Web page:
Fox Glacier (Te Moeka o Tuawe in Maori)
Fox Glacier is one of two of the best known glaciers of New Zealand, descending from
the Main Divide at over 3000 m above sea level down to the temperate rain forest that
graces the West Coast region of South Island. Like Franz Josef Glacier, its snout lies
within easy reach of the main road, Highway 6 (more below photos).
It is 35 km2 in area with an estimated mean depth approaching 100 metres. Positive mass
balances (from increased snowfall) since the mid-1980s have resulted in several hundred
metres of advance, except for brief recession at the turn of the century. Like Franz Josef
Glacier the Fox responds rapidly to mass balance changes because of its wide accumulation area
and steep narrow tongue.
The broad, heavily crevassed accumulation basin of the Fox Glacier (April 2008).
Rock islands (“nunataks”) project through the ice. Crevasses indicate the fast-flowing nature of the glacier
over an uneven bed.
Looking straight down the tongue (April 2008), from the edge of the accumulation
basin where converging flow and intense crevassing are strongly in evidence. Rain forest, pastures and the coast
are in the background.
A maze of crevasses and séracs in upper Fox Glacier (April 2008) as the ice approaches
the top of the first icefall towards the left. Not the prominent converging lines (flow unit boundaries where different
streams of ice combine).
Intersecting crevasses in the accumulation area (April 2008), reflecting uneven bed topography.
Some inter-crevasse blocks are covered by new snow and reveal the stratification of firn in the crevasse walls.
Closure of the main set of transverse crevasses as the ice moves into a zone of
compression. The flow is from top to. The traces of closed crevasses can be seen mid-right (April 2008).
Above: Advancing snout in March 2006. To the right, against the far hillside, an
area of orange lichen-covered moraine is visible. This is the trimline of the late 1990s advance. Below: mid-April 2007,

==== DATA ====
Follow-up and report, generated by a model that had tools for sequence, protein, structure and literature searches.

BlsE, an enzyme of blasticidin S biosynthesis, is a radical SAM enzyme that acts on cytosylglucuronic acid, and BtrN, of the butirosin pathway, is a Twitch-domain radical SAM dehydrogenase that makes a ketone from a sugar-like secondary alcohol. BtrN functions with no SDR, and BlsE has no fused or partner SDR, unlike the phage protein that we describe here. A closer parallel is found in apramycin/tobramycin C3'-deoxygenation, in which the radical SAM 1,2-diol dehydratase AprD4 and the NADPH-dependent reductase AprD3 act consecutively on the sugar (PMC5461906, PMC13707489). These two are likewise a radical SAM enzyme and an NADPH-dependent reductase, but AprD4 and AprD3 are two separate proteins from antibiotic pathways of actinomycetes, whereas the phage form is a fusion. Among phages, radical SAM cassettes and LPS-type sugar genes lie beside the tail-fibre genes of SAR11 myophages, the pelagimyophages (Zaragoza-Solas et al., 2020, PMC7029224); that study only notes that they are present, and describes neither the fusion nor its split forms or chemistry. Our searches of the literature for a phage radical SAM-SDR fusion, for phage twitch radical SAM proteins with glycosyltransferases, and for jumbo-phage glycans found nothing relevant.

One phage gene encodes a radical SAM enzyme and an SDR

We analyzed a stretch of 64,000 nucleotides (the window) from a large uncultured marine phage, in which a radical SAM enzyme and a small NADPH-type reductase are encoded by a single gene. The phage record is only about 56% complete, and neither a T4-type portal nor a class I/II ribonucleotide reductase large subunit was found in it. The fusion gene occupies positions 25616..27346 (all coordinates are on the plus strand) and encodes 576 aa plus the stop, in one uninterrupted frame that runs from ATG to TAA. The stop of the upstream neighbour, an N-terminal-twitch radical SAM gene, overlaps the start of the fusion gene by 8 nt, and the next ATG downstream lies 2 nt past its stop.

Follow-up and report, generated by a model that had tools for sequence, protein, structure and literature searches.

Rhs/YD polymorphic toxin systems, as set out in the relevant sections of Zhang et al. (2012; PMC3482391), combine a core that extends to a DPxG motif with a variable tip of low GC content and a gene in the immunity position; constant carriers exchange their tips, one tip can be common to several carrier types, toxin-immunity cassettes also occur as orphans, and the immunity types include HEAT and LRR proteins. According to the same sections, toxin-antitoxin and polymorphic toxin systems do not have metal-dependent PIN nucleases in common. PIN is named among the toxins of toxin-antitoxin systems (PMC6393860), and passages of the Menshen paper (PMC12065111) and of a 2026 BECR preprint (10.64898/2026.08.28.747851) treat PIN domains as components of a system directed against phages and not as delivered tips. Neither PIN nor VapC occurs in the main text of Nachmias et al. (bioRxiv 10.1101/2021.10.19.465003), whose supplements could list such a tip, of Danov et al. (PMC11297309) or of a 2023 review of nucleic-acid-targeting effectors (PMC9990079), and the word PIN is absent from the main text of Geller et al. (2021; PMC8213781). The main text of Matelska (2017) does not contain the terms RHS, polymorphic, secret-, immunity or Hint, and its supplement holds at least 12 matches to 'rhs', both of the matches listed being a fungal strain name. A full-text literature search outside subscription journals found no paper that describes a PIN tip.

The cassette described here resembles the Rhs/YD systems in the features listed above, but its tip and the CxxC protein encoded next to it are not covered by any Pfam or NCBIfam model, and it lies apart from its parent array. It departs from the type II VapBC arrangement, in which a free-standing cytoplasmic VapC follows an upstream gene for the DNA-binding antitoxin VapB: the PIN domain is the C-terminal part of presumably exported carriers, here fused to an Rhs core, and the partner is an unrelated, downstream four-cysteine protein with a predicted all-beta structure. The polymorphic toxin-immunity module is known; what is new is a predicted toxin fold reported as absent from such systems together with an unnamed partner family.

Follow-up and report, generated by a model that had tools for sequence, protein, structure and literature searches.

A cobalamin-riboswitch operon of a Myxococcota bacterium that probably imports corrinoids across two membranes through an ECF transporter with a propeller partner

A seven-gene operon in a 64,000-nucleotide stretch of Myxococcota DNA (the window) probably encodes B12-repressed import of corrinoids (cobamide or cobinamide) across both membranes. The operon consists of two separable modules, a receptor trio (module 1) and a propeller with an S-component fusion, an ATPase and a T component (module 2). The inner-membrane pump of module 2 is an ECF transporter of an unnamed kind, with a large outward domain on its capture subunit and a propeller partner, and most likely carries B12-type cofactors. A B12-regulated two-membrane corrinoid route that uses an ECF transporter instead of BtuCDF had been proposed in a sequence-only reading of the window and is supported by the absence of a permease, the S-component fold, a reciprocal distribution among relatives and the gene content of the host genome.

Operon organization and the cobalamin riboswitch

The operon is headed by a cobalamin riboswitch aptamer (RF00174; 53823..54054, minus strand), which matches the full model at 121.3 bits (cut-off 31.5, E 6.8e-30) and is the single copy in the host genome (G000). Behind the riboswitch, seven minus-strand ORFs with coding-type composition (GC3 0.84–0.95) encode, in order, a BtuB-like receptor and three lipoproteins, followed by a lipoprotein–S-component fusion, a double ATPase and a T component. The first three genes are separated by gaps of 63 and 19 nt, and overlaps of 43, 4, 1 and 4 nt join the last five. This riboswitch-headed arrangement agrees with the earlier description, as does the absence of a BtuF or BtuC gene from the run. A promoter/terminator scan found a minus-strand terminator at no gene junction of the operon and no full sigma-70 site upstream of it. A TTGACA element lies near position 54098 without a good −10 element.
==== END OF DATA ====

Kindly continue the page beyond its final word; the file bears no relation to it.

the trimline is no longer visible due to the new advance.
Margin of Fox Glacier near the snout in early April 2008, illustrating ice-marginal
channel with huge boulders, a layered structure with debris zones interpreted as thrusts.
Snout in 2006 (left), 2007 and 2008 (right), as the glacier advanced. Note the active gully
in the background and the boulders in a debris fan in the foreground.
Telephoto of the snout from the same position as the previous image , with details of
the thrust structures and a push moraine adjacent to the snout.
Changes in the subglacial hydrology of Fox Glacier are evident in these images from 2007
(top) and 2008: the outlet stream has switched sides at the snout from the true right side of the valley to the true left.
Close-up view of the push moraine in early April 2008. Although the glacier has advanced
strongly in the past few years, the long warm dry summer of 2007/2008 resulted in temporary recession of the snout of a few
Looking downstream from near the snout in 1992. Following heavy rain, discharge from the
glacier responds quickly. There is considerable bed load (rumbling boulders) and suspended sediment (grey colour of the water).
The river channel constantly changes course, preventing colonisation of the plain by plants.
The toe of a debris fan near Fox Glacier in April 2007. The river has cut a near vertical
cliff of unconsolidated debris several metres high from which large boulders are falling out.
Glaciofluvial sediment exposed by river erosion on the true right flank of the Fox valley.
The section is several metres high and shows several phases of deposition. Flow is towards the right. The stones are imbricated,
i.e. stacked against each other and thus preferentially tilted up valley by river flow.
Aberystwyth University students being taught how to measure discharge of one of the braided channels
of the Fox Glacier river.
Dr Bryn Hubbard of Aberystwyth University setting up a tape measure from which to measure stream depth
and velocity of the Fox Glacier river. The water temperature is near freezing, but glaciologists are relatively immune from the cold!
Despite the turbulence of flow of the Fox Glacier river, in periods of waning flow fine-grained sediments,
such as this silt and sand are deposited. Current ripples in this photograph indicate that flow was from right to left.
A prominent tree-covered, ice-cored moraine from the 1920s used to cross the valley near the
present-day car park. A combination of exposure of the surface to ablation by humans and undercutting by the river has resulted in
rapid degradation of the moraine in the last two decade and little now remains (2006).
Kettle hole filled with water carrying suspended sediment (hence the green colour) on the braid plain
of Fox River in 1992. Buried ice from the now disappearing 1920s moraine has melted, resulting in this steep-sided depression. From one year
to the next these features fill up with sediment and new ones form.
Newly formed kettle hole in the remnant of the 1920s moraine, taken in 2006. The surrounding collapsing slopes
of loose debris are underlain by stagnant glacier ice, exposure of which destabilised the originally well established wood on the moraine.
|Photos Michael Hambrey|